And a decent burger and decent chicken wings is what we got. So we say right now, we’re in the camp that believes MEATliquor delivers burger heaven, we simply love what they do. But it’s not just the burger, it’s everything... well... almost everything. So let’s quickly touch on ‘the issues’.
Ask someone to ask you what the secret of comedy is, and before they finish the question, say ‘timing’; the same is true of eating at MEATliquor. If you have the luxury to do so, go off peak, and as we found in the middle of a Tuesday afternoon, there’s no queue and the food when ordered is delivered shortly after. We sympathise with those who have waited, and then waited some more, and we can understand that it can radically change the view of the overall experience. Our visit then should be seen in the light of no queue, and quick and efficient service.
Talking of light, that is of course the only light you’ll see once you step inside the door, and the decor, which has been described exhaustively elsewhere, left me at least thinking ‘wow, even my old student union bar didn’t look this out there’. To add a top note of absurdity, the music offers the curiosity of time gone by hits (Elvis & Dolly Parton were playing on our visit), but at a volume that appeals only to those who crave basement after hours clubs. But there our gripes, if they can be so called, end.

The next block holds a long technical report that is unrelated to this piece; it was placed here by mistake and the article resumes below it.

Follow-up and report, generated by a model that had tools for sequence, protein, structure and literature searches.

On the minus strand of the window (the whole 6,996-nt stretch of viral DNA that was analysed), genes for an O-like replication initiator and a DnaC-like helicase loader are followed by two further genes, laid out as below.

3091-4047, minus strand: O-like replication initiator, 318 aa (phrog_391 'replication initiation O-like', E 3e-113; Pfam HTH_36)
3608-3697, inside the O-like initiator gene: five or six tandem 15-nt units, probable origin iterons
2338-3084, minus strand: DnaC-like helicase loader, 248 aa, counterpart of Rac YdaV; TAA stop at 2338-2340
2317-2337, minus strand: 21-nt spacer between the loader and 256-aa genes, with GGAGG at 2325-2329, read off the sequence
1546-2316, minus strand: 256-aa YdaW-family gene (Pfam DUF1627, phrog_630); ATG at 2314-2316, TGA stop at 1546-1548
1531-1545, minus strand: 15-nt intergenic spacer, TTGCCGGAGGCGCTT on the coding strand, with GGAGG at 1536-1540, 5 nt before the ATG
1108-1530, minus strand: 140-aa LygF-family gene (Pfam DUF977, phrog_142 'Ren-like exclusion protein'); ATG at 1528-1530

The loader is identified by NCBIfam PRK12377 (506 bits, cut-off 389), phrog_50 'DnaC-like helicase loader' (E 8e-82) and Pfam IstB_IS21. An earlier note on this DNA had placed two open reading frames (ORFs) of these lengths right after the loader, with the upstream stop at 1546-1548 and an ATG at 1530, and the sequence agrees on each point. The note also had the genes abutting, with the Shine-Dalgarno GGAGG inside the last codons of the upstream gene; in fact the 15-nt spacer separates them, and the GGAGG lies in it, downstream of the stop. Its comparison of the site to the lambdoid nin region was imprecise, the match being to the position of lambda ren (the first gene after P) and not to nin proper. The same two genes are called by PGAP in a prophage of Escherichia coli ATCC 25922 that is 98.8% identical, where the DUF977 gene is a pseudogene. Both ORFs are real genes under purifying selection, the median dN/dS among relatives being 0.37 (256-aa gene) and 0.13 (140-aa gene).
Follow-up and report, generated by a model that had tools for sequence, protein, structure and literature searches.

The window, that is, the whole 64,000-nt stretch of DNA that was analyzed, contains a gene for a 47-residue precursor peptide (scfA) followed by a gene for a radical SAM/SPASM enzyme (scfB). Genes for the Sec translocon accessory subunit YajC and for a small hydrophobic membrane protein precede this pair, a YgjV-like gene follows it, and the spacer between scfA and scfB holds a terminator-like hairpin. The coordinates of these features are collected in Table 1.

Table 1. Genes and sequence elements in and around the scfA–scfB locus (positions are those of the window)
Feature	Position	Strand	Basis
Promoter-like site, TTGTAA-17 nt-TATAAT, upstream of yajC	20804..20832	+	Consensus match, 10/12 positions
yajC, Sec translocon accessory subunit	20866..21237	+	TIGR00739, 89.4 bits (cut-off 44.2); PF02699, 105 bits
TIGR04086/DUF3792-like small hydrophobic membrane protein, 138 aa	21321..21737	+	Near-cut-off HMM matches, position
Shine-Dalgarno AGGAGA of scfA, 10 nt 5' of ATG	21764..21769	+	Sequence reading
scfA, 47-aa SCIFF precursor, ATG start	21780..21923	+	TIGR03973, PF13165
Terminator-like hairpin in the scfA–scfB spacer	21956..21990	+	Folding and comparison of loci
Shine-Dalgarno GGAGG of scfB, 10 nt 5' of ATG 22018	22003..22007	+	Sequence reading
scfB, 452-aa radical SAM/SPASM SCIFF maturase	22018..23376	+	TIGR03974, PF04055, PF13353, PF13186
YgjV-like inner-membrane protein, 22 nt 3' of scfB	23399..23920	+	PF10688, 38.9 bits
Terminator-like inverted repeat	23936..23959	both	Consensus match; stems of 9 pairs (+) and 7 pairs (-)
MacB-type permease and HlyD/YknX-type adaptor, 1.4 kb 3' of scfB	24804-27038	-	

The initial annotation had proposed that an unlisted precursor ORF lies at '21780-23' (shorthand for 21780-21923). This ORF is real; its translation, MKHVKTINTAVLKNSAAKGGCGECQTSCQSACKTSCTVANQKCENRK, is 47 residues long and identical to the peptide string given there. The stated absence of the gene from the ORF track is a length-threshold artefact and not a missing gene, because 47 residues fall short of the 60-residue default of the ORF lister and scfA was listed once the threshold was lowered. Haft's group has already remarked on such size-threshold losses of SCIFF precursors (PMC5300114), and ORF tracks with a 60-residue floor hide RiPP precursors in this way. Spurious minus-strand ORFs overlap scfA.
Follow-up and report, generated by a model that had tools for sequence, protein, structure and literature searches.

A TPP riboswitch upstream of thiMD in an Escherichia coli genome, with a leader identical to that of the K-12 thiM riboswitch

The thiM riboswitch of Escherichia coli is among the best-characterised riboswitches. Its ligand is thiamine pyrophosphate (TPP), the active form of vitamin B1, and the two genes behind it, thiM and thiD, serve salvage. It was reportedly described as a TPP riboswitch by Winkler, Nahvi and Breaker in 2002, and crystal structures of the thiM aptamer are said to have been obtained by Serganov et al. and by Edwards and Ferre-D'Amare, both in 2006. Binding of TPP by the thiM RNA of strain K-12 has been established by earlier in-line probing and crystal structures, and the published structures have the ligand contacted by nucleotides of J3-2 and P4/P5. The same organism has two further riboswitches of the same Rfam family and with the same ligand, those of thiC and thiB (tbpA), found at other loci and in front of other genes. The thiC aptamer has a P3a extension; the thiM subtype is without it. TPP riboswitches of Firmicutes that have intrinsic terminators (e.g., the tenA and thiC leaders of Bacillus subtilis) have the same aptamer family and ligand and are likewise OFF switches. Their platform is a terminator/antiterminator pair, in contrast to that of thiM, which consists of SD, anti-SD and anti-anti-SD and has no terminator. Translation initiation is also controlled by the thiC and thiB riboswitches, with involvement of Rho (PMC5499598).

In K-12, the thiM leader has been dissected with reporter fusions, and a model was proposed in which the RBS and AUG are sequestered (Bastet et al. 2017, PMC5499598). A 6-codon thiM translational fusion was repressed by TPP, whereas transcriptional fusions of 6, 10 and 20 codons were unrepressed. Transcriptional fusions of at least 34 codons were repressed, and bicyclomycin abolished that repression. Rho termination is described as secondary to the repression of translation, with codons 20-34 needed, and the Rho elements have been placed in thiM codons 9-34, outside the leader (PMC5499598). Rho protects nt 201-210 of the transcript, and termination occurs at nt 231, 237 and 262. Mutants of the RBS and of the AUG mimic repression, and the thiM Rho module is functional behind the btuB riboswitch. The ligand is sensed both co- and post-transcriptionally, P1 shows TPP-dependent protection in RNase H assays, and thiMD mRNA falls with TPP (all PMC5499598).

Our food order of Buffalo Wings, deep fried pickles, cheeseburger (x2) and fries arrives in two waves which worked well. Wings and pickles first: the wings are fantastically moreish, succulent, crispy where appropriate and full of flavour. Not classically hot, which might be a black mark for some, rather, more tangy, but in that way more approachable for the majority we suspect. At the most basic level, it’s satisfying, very satisfying.
The fries: also excellent. Right size, right cooking, right salting. And that’s the theme throughout, the MEATliquor just keeps getting it right. We can’t exactly vouch for a busy Saturday night when there’s a two hour wait, but on a Tuesday afternoon...
Second, the value is remarkable. For sure, you get lined trays rather than plates, and kitchen roll rather than napkins, but £6.50 for a cheeseburger, sorry, not ‘a cheeseburger’ but the best cheeseburger in London (so probably the UK), well that’s sort of mental. A Byron cheeseburger costs £7.75 and a Ramsay cheeseburger £12. Our bill at Bread Street came to £50 (before they deducted the burgers), our bill at MEATliquor £30. A great example that good/bad – cheap/dear are rarely synonymous.
Accepting the no reservations policy, the extreme student decor, and loud music, a triumvirate that no doubt is adored by many of its clientele, this is a food heaven that is unmatched in our experience in what they offer. It’s honest in its offering, and so good, it’s dangerous.
Trying to say something new in a MEATliquor blog post is like trying to serve up a better burger than Yianni, a seemingly pointless exercise. But while many a blog post has commented on the fact that ML is situated below a car park in Welbeck Street, all have stopped short of telling you that Anthony Trollope lived at No 34 Welbeck Street in 1862 and that Thomas Young, the scientist and writer who deciphered the Rosetta Stone lived at No 48 between 1802 - 1825. Finally something new and informative in a MEATliquor blog post.
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